HomeGroupsTalkZeitgeist
This site uses cookies to deliver our services, improve performance, for analytics, and (if not signed in) for advertising. By using LibraryThing you acknowledge that you have read and understand our Terms of Service and Privacy Policy. Your use of the site and services is subject to these policies and terms.
Hide this

Results from Google Books

Click on a thumbnail to go to Google Books.

Marcan priority without Q : explorations in…
Loading...

Marcan priority without Q : explorations in the Farrer hypothesis

by John C. Poirier

MembersReviewsPopularityAverage ratingConversations
4None1,664,912NoneNone
Recently added byneilgodfrey, HMCLibrary

None.

None
Loading...

Sign up for LibraryThing to find out whether you'll like this book.

No current Talk conversations about this book.

No reviews
no reviews | add a review
You must log in to edit Common Knowledge data.
For more help see the Common Knowledge help page.
Series (with order)
Canonical title
Original title
Alternative titles
Original publication date
People/Characters
Important places
Important events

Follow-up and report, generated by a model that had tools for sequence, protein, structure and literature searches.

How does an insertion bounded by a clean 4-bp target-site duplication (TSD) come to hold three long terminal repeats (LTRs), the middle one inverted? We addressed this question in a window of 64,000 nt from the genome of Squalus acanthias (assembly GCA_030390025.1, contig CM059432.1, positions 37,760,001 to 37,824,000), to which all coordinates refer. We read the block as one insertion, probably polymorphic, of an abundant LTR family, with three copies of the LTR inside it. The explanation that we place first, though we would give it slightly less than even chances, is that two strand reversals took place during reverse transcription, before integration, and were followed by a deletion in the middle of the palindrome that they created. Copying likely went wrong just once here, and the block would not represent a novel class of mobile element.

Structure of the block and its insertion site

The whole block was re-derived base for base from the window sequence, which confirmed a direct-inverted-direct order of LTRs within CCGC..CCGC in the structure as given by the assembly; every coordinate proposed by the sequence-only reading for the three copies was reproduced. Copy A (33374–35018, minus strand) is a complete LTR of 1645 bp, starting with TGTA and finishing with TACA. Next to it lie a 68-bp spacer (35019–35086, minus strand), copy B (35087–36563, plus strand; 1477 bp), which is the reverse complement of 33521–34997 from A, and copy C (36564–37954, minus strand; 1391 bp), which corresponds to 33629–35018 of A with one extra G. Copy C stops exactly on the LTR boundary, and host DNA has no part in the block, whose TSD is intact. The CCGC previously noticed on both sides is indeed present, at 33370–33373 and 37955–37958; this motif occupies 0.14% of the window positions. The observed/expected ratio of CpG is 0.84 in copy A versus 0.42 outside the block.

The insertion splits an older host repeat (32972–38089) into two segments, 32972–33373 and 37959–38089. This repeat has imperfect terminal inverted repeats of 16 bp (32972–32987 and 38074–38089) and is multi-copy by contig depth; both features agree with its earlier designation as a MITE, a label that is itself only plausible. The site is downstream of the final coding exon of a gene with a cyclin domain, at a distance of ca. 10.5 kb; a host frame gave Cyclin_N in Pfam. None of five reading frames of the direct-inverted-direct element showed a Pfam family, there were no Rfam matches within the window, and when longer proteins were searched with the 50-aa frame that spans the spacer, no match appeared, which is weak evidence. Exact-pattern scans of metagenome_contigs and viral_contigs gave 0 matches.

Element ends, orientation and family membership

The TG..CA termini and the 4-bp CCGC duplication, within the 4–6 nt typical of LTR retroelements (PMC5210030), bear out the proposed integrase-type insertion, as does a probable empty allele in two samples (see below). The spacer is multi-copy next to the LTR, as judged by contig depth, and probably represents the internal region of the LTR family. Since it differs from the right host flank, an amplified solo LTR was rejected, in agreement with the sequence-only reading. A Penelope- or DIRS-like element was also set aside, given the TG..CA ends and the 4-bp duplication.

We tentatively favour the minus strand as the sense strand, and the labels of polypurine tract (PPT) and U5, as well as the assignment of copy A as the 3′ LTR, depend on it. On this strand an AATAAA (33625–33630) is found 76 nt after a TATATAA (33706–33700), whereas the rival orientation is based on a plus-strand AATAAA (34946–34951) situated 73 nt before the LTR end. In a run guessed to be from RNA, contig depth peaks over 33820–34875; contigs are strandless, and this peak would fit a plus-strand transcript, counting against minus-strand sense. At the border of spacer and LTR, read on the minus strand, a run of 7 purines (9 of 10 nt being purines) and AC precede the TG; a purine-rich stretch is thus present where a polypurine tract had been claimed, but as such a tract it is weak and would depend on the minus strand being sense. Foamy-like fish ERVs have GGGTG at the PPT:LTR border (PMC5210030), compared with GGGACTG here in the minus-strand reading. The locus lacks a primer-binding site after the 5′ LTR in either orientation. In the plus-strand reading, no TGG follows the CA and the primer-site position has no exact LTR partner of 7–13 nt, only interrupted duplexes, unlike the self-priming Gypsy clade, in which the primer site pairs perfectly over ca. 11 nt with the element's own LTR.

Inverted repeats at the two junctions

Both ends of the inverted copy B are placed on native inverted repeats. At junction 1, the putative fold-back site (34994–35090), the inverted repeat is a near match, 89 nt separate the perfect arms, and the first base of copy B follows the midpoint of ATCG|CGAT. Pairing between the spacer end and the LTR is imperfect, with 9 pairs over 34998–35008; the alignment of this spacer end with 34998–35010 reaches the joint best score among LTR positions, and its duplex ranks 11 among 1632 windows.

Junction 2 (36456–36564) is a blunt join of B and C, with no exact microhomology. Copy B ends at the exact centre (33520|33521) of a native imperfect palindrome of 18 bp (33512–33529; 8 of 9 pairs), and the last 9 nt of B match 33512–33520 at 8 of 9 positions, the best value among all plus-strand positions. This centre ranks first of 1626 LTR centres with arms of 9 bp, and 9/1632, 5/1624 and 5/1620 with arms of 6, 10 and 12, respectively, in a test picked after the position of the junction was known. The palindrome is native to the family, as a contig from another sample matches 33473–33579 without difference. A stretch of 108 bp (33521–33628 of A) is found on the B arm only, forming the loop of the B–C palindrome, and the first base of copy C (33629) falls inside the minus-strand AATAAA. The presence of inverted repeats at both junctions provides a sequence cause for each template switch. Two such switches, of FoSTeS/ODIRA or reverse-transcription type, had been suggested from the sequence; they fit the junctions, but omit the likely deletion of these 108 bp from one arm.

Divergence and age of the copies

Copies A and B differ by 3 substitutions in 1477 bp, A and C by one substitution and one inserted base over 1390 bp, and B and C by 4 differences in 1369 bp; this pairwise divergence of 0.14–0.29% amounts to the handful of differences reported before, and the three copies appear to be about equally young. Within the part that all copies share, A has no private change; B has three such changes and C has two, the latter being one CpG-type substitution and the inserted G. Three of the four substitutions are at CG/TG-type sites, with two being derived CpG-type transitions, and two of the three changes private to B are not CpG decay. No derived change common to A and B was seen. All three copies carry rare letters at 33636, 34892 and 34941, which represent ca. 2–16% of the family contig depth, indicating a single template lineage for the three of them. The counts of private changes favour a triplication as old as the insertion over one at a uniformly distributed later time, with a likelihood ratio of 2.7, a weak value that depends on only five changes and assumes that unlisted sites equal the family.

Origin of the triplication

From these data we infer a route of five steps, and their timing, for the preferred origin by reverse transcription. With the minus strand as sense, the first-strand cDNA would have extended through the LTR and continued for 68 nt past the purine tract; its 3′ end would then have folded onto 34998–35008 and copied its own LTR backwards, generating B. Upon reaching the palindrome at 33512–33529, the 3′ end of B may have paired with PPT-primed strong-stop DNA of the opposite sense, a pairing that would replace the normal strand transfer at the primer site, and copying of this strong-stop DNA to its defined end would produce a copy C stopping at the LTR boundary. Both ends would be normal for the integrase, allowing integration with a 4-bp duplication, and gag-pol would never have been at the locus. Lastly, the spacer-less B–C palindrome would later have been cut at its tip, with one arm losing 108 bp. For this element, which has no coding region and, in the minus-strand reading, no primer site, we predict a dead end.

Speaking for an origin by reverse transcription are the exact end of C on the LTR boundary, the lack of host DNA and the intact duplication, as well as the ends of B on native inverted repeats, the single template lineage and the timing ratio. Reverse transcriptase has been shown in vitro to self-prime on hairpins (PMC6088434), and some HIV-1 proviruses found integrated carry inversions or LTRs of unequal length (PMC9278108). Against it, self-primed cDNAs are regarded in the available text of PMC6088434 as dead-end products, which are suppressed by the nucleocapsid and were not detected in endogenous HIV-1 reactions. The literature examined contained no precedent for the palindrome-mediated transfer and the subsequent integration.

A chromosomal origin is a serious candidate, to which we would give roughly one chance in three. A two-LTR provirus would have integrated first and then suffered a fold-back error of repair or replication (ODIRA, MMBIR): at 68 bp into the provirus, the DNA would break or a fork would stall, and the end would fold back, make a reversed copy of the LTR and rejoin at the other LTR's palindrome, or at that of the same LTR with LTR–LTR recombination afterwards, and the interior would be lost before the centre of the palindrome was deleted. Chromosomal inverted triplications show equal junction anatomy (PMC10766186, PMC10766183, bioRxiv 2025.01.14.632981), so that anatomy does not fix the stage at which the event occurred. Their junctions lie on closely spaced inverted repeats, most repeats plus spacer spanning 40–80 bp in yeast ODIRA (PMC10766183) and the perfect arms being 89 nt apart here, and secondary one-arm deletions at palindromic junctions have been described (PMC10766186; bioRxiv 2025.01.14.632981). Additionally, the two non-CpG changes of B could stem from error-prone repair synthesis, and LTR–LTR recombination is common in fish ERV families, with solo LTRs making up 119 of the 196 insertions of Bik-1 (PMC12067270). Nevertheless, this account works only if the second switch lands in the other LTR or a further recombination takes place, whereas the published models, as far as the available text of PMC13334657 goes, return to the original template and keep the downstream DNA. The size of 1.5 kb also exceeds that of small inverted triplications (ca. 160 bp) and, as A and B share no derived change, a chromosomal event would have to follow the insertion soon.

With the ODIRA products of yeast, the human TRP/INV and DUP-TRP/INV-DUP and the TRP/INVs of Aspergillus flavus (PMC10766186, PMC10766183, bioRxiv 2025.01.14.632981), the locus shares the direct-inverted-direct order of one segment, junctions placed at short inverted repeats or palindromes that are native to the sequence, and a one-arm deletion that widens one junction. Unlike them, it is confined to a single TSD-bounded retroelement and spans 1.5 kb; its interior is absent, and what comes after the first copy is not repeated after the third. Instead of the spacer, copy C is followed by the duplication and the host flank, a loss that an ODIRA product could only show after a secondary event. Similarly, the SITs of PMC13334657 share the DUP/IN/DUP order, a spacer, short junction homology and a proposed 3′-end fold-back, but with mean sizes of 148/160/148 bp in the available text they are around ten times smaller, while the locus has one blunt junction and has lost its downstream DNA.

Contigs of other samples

Related movies
Awards and honors
Epigraph
Dedication
First words
Quotations
Last words
Disambiguation notice
Publisher's editors
Blurbers
Publisher series
Original language

References to this work on external resources.

Wikipedia in English

None

Book description
Haiku summary

Amazon.com Product Description (ISBN 0567159132, Hardcover)

This book discusses the composition of the synoptic gospels from the perspective of the Farrer hypothesis, a view that posits that Mark was written first, that Matthew used Mark as a source, and that Luke used both Mark and Matthew. All of the articles in the volume are written in support of the Farrer hypothesis, with the exception of the final chapter, which criticizes these articles from the perspective of the reigning Two-Source theory. The contributors engage the synoptic problem with a more refined understanding of the options set before each of the evangelists pointing towards a deepened understanding of how works were compiled in the first and early second centuries CE.

The contributors include Andris Abakuks, Stephen Carlson, Eric Eve, Mark Goodacre, Heather Gorman, John S. Kloppenborg, David Landry, Mark Matson, Ken Olson, Michael Pahl, Jeffrey Peterson, and John C. Poirier.

(retrieved from Amazon Wed, 29 Jul 2015 21:30:18 -0400)

No library descriptions found.

Quick Links

Popular covers

Rating

Average: No ratings.

Is this you?

Become a LibraryThing Author.

 

About | Contact | Privacy/Terms | Help/FAQs | Blog | Store | APIs | TinyCat | Legacy Libraries | Early Reviewers | Common Knowledge | 126,381,638 books! | Top bar: Always visible